# A Geometric Intuition for Energy Conservation

In a sense, Conservation of Energy is just Conservation of Area.

I watched a Numberphile video a while back that posed a problem about decelerating cars that has a surprising and scary answer. Two cars are exactly side by side on a multi-lane road when their drivers break to avoid an obstacle coming up and both cars decelerate at exactly the same constant rate. One car is traveling at 70 mph and manages to stop just before the obstacle. The other car is traveling at 100 mph. What speed does the second car hit the obstacle at?

The answer seems as if it should be 30 mph. While it is true that the second car would have reached 30 mph at the same time that the first car stops, the second car will have already encountered the tree before this time and it does so at the very scary speed of 71 mph.

The video came to this answer by assuming the formula for kinetic energy. A night later, I was trying to get back to sleep after a nocturnal trip to the loo. Instead of counting sheep, I started mulling over whether basic geometry could be used to visualize things without any need for this assumption. So here goes.

Let’s start with a single car accelerating from speed u to v and plot speed against time for a constant acceleration.

The slope or gradient of the bold line is height divided by width or: (**v-u)/t**.** **This slope is also speed divided by time which is rate of change of speed also called acceleration- a. So we have: **a =(v-u)/t **or rearranging:

The second thing we can do is look at the area under the line. The plot is Speed against Time so the area under the line will be Speed multiplied by Time. Speed is distance divided by time so this reduces to distance: **s**.

This area can be worked out as the sum of the areas of a rectangle (width by height) and a triangle (half width by height):

This comes to: **s=(t) (u) +½(t) (at) **which reduces to:

We have two nice equations involving time but alas, as the problem was posed, we have no information about time.

What other information do we have besides the starting speeds of the cars? Basically only this- they both decelerate at the same rate and travel* the same distance* to the obstacle where one manages to stop and the other collides.

As a shot in the dark, let’s see what happens if we square v:

Let’s split the top right square diagonally to make two triangles.

Now we have a triangle on top of a square which should remind us of a similar diagram we had before.

Or in the language of algebra: **uat+½a²t²=a(ut+½at²)=as**

Putting this back in our square, **v²** now looks like this:

Which gives us a nice equation with no t’s:

Now we have everything we need to solve the original problem. (Here we’re decelerating so u is greater than v.)

The acceleration- a (actually deceleration in this case) is the same for car 1 and car 2 and so is the distance traveled- s. This means that the blue area is the same for both cars.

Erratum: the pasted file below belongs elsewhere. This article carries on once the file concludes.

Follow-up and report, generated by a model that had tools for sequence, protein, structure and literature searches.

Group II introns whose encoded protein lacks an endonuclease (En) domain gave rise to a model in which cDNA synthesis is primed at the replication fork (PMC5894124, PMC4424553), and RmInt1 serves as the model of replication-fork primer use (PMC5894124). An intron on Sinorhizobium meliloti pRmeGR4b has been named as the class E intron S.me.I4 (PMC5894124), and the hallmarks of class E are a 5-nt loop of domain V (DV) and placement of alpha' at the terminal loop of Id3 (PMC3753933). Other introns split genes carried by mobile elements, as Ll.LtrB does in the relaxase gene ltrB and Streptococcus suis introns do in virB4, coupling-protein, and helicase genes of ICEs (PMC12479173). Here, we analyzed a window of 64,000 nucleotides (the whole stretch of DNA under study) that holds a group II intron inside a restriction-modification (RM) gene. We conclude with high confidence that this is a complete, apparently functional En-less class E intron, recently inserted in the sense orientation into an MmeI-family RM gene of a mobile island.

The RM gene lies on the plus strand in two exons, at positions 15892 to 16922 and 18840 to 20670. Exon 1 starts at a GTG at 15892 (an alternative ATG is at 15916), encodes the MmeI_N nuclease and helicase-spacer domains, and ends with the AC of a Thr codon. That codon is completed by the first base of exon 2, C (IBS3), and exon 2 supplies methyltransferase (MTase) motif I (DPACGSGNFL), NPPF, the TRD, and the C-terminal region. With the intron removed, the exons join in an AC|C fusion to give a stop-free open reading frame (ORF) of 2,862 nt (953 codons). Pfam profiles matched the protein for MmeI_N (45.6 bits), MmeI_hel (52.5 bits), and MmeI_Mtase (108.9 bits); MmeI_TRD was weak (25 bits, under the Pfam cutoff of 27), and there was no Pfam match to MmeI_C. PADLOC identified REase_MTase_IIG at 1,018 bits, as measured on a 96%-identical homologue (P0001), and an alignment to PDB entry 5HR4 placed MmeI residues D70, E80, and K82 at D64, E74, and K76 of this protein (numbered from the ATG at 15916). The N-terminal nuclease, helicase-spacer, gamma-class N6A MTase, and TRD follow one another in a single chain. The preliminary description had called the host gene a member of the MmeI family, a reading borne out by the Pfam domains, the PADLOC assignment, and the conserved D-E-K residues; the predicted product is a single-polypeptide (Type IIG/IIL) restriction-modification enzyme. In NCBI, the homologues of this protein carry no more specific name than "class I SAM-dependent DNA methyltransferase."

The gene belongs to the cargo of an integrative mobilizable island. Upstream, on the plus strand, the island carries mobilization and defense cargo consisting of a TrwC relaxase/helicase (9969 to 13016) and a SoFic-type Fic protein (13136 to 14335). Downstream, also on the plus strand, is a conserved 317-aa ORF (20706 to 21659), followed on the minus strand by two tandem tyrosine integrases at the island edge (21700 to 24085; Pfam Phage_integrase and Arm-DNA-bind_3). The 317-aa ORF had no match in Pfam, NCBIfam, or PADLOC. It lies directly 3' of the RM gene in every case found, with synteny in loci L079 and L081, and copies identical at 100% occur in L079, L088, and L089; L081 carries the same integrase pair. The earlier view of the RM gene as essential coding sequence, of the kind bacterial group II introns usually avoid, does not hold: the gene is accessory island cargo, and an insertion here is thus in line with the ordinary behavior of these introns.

**U₁²=2as** and** U₂²=2as+V₂²**

So putting it all together we get: **U₂²=V₁²+U₁² **which we can represent as the side lengths in a right angled triangle:

Which works out as: V**₁²= U₂²-U₁²= 100²–70²= 5100 **and taking the square root we get a very painful final speed of** 71 mph.**

Interestingly no physics was needed for this- just math. I suppose this means that these equations will hold in all possible universes or at least those that have objects that can be given a constant acceleration by some mechanism.

However let’s go one step further and see if we can derive the formula for kinetic energy that was assumed in the Numberphile video.

Firstly, if we chop our square diagonally, we notice something interesting that I will henceforth call a half speed squared triangle or speed triangle for short:

We now have the following equation:

If we multiply across by m for mass, we get the following:**½mu²+mas=½mv²**

This turns out to be what is recognized in physics as the law of conservation of mechanical energy:

**Initial Kinetic Energy + Potential Energy= Final Kinetic Energy**

This is too much of a coincidence to have happened by accident but how does it come about? To gain a better appreciation, let’s turn everything around from a car decelerating horizontally to an object accelerating vertically from an initial height.

Imagine the object is released at speed **0** and falls to the ground by which time it has reached speed **v**. If it has a perfectly elastic collision with the ground (perhaps a trampoline would be better than grass), then it will immediately gain a speed of **-v i**n the opposite direction**, **rise to the same height **h** at speed **0** and then start falling again to repeat the cycle all over again. Moreover if we were to video this behavior and play it back we would be unable to tell whether the video was being played forwards or backwards. This is a time symmetry and the great Emmy Noether proved that wherever there is a symmetry, there is an associated conservation law.